Indoor Time

It snowed all day yesterday, and although the weather was still Condition 3 (the highest level), it was decided that we wouldn’t see well enough on the sea ice for our field training. So we had to rework the schedule, which we’re used to at this point, and instead do all the possible indoor training: sea ice “theory”, GPS, and ice edge operations.

To get to many of our field sites on the sea ice, we’re going to drive. Drive what? Vehicles like PistenBullys, snowmobiles, and Hägglunds. Some are quite modern, some might date back to the Korean war (a few years before Mc Murdo was built). All are quite heavy. Can they make it without breaching through the ice and sinking all passengers? The good news is that if there is any ice at all, it’s a couple of meters (6 ft) thick. Even when the ice is warmest, as is the case this month, it will break up instead of thinning (unlike on freshwater lakes). What we have to watch for, then, is cracks. Each vehicle can cross cracks no larger than 1/3 of the length of its “wheels” (tracks). That’s up to 90 cm (3 ft)-wide cracks, not bad! If the crack is wider, we have to measure the ice depth at various places through the crack. There are minimum thickness requirements for each vehicle (around 30-50 cm / 12-18 in) that depend on the ice temperature. With all these guidelines in hand, we should be able to travel safely. If a vehicle breaches (it’s happened once so far this year), we can still escape by a roof hatch and get the crack named after us, a guarantee to be infamously remembered for years to come.

We’re supposed to use good judgement when navigating from the base to the field sites, and two tools are guiding us: flag routes laid out by the amazing science support staff who’s been training us, and a GPS. These become especially useful if the visibility decreases to the point where we can’t see landmarks. We got acquainted with the GPS units and demoed them by walking around the base along a pre-programmed route. We have to be careful that the batteries don’t die in the cold and carry spares. Finally, when working at the sea ice edge to collect water, starfish, etc., the goal is to not fall in the water, so we’re tied into a rope. This is much like rock climbing, except in addition to a harness we’re wearing a deflated (and inflatable) life jacket that’s also tied in. All this is anchored into an extra strong V-shaped double hole in the ice. Two field staff members will assist us and lift us out if we fall, and we’re carrying a full supply of extra dry clothes, survival gear, and hypothermia wraps.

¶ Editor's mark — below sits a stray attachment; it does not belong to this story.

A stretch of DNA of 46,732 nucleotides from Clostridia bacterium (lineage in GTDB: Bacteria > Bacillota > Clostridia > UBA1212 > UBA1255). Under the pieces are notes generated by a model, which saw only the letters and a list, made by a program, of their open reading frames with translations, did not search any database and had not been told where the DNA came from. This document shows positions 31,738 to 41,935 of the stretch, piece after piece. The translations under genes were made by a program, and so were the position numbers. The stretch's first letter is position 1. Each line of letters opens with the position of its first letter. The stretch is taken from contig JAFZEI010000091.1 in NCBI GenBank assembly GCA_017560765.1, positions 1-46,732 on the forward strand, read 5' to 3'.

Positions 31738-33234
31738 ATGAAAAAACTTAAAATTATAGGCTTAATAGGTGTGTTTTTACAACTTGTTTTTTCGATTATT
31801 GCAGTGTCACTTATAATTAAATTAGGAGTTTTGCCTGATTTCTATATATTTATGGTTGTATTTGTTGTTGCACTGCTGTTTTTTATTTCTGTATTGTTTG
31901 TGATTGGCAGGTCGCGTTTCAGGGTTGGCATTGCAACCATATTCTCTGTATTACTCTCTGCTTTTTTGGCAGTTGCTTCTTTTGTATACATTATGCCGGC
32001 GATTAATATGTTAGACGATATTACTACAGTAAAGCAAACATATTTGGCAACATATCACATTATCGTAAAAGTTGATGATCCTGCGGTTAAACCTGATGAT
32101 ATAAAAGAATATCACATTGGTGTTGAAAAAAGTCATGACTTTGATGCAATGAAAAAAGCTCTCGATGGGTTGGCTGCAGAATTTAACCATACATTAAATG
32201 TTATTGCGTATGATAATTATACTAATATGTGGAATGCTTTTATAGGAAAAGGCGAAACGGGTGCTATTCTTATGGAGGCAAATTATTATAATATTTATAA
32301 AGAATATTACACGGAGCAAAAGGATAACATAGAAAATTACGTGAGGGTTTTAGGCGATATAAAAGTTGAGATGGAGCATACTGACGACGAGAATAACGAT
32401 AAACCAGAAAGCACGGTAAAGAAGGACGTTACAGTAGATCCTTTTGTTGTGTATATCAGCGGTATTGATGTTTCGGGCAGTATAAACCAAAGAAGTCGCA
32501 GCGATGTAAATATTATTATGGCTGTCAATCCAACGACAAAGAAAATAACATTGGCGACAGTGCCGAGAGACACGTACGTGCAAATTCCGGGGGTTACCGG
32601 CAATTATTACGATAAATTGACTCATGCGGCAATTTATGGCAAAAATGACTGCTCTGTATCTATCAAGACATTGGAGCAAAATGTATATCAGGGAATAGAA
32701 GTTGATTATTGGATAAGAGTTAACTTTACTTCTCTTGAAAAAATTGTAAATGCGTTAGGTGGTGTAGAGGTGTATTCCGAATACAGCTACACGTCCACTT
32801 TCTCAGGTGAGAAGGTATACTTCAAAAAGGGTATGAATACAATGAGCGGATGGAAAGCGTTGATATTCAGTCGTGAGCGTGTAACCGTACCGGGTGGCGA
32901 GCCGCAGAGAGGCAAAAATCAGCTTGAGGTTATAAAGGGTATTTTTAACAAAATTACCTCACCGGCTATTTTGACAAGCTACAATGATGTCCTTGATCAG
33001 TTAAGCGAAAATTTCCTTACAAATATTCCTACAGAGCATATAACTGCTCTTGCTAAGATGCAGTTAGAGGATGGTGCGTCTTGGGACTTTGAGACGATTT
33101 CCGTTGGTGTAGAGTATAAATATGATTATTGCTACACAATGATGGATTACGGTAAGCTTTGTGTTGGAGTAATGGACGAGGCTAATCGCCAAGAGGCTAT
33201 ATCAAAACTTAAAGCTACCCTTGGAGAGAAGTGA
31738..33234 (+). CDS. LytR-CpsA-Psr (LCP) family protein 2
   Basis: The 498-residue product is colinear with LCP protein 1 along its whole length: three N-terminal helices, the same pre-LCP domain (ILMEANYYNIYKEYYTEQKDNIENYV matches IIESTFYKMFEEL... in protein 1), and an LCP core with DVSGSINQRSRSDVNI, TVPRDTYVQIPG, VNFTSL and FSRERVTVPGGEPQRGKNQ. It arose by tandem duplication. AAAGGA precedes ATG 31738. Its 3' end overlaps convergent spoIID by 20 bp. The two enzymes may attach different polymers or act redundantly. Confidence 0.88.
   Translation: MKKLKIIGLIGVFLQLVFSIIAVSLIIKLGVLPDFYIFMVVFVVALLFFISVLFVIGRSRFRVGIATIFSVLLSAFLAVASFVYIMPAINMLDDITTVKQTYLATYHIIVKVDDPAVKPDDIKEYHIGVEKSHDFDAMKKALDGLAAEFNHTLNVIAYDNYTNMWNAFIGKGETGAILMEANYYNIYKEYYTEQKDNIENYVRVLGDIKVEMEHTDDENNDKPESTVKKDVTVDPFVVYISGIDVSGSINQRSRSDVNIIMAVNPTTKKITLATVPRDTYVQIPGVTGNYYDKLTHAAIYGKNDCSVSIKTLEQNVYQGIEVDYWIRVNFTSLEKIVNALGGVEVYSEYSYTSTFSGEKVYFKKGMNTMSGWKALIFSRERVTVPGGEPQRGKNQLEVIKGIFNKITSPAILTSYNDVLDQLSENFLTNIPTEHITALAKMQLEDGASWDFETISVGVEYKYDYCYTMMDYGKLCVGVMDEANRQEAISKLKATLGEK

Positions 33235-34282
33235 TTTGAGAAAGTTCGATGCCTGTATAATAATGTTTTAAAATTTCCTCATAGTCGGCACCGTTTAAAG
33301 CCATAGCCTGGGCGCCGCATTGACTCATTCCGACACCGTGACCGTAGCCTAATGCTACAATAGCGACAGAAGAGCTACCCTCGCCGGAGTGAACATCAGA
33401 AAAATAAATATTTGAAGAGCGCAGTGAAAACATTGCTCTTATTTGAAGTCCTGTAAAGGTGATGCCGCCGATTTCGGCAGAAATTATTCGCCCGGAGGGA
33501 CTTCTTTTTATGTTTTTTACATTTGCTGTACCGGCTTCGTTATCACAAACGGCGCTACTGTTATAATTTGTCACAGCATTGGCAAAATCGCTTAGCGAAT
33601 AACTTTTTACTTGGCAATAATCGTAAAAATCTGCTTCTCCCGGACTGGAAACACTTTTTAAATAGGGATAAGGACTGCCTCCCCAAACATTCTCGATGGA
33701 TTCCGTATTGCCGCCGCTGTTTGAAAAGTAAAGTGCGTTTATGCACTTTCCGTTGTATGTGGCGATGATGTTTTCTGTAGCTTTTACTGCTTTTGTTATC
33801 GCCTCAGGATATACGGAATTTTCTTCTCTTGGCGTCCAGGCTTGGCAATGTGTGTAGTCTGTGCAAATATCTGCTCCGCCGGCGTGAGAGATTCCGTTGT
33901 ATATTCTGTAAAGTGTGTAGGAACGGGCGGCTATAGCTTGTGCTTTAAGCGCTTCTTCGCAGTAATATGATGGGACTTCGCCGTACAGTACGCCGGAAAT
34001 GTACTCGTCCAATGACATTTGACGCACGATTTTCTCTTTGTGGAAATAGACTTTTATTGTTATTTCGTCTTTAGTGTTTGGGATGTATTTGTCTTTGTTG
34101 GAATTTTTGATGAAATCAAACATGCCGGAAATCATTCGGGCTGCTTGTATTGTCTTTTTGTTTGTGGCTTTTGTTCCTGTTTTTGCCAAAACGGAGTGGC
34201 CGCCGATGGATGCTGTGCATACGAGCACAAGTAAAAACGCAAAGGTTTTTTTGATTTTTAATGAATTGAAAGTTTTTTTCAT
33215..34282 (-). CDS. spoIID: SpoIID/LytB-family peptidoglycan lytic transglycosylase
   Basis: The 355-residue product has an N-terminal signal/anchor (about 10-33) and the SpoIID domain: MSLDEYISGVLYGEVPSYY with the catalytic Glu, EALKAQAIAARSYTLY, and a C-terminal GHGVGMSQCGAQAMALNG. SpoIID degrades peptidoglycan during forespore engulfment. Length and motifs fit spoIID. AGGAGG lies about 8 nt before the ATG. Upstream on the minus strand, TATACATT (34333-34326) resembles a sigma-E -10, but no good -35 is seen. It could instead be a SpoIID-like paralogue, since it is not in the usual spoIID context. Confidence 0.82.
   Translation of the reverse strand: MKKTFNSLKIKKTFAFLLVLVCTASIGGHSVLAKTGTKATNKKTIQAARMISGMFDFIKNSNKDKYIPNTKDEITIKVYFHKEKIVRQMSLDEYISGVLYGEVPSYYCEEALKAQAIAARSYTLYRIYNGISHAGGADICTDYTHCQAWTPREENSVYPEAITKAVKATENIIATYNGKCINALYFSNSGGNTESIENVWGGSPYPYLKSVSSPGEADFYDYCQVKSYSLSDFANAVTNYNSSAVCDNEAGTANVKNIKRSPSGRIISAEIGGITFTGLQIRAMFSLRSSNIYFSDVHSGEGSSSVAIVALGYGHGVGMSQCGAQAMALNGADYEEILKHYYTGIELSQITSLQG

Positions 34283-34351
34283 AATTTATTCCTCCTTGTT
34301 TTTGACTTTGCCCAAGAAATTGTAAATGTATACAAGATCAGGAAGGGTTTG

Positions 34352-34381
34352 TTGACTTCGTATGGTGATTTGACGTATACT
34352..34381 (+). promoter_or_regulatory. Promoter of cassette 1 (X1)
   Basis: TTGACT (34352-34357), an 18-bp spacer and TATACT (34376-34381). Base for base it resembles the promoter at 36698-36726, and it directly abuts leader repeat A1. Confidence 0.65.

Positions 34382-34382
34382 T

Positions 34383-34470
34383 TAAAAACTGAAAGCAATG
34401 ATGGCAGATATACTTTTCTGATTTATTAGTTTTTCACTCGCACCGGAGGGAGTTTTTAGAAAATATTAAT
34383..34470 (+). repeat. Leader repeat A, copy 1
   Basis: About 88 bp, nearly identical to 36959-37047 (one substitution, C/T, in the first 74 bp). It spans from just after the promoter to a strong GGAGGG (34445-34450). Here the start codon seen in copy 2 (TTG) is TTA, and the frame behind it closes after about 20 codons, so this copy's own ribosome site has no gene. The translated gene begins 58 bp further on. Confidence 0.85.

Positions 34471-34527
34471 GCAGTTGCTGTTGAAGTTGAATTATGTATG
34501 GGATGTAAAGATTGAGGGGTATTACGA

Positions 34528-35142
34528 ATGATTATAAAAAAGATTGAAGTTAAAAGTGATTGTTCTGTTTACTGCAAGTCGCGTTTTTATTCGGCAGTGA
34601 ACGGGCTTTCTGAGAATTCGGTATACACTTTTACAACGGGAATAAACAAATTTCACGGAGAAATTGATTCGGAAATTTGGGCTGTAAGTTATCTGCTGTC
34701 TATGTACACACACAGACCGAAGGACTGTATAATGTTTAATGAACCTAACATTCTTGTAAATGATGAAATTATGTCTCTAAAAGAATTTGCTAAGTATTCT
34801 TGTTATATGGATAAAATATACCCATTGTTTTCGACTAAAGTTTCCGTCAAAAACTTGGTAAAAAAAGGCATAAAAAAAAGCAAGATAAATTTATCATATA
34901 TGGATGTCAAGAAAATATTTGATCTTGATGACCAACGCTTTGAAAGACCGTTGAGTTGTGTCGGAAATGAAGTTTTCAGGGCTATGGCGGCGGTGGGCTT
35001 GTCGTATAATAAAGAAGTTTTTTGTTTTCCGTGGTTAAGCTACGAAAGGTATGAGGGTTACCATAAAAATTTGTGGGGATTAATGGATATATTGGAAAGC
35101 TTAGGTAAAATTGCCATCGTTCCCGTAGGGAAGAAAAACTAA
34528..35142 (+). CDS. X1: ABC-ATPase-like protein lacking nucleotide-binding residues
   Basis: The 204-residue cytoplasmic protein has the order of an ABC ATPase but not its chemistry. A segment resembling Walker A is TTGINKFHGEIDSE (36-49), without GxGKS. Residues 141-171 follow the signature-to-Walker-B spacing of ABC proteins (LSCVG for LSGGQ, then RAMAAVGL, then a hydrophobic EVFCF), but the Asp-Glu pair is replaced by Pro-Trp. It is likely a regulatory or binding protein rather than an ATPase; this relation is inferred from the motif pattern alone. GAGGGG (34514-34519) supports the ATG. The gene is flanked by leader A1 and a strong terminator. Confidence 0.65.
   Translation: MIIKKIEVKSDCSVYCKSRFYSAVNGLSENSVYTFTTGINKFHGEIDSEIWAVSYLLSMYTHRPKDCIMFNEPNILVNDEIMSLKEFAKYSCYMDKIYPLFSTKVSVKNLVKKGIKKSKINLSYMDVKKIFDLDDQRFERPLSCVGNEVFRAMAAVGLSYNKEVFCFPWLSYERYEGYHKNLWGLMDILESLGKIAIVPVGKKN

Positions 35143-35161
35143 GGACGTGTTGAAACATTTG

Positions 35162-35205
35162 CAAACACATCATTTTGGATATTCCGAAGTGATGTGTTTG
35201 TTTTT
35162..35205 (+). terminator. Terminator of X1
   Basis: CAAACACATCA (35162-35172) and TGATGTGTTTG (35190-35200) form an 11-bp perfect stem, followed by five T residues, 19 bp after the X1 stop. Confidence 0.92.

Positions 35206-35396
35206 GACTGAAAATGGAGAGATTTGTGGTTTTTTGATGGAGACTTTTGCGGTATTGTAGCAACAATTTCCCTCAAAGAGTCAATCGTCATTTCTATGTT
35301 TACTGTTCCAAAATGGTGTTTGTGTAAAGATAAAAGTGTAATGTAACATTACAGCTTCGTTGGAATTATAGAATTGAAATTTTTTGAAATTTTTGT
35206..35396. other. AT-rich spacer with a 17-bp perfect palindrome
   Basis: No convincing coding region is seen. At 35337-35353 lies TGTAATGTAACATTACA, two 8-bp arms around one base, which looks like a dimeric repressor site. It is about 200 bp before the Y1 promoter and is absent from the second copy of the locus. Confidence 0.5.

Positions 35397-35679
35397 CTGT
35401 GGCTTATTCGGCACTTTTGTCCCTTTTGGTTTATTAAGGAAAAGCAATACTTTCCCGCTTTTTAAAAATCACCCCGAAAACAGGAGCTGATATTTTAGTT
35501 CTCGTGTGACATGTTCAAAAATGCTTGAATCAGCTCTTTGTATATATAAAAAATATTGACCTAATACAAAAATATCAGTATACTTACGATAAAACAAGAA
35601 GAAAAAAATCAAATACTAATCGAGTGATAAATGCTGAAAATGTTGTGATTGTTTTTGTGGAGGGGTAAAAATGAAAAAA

That still made for a relatively light day, which left us time to explore some of Mc Murdo’s indoor amenities. After dinner, we attended a new “Science Coffee” event to foster conversations between scientists and staff. This took place at the Coffee House, which looks like an abandoned silo when you walk past it but inside is a fully equipped café, bar and lounge. The same goes with each of Mc Murdo’s three gyms: the “gerbil” gym full of treadmills, a yoga/weights room behind the galley, and a basketball/indoor team sports gym by the helipad. After Science Coffee, we went to play ping-pong and basketball, probably on one of the southernmost courts on the planet.

Today the weather has improved, so we’re preparing for a reboot of the sea ice training: ECW bag, packed lunch, snacks, water, no cotton clothing, spare socks and hat, goggles, pee bottle (yes, we care about the environment, what did you think?) and make sure we don’t forget anything. This should be fun!

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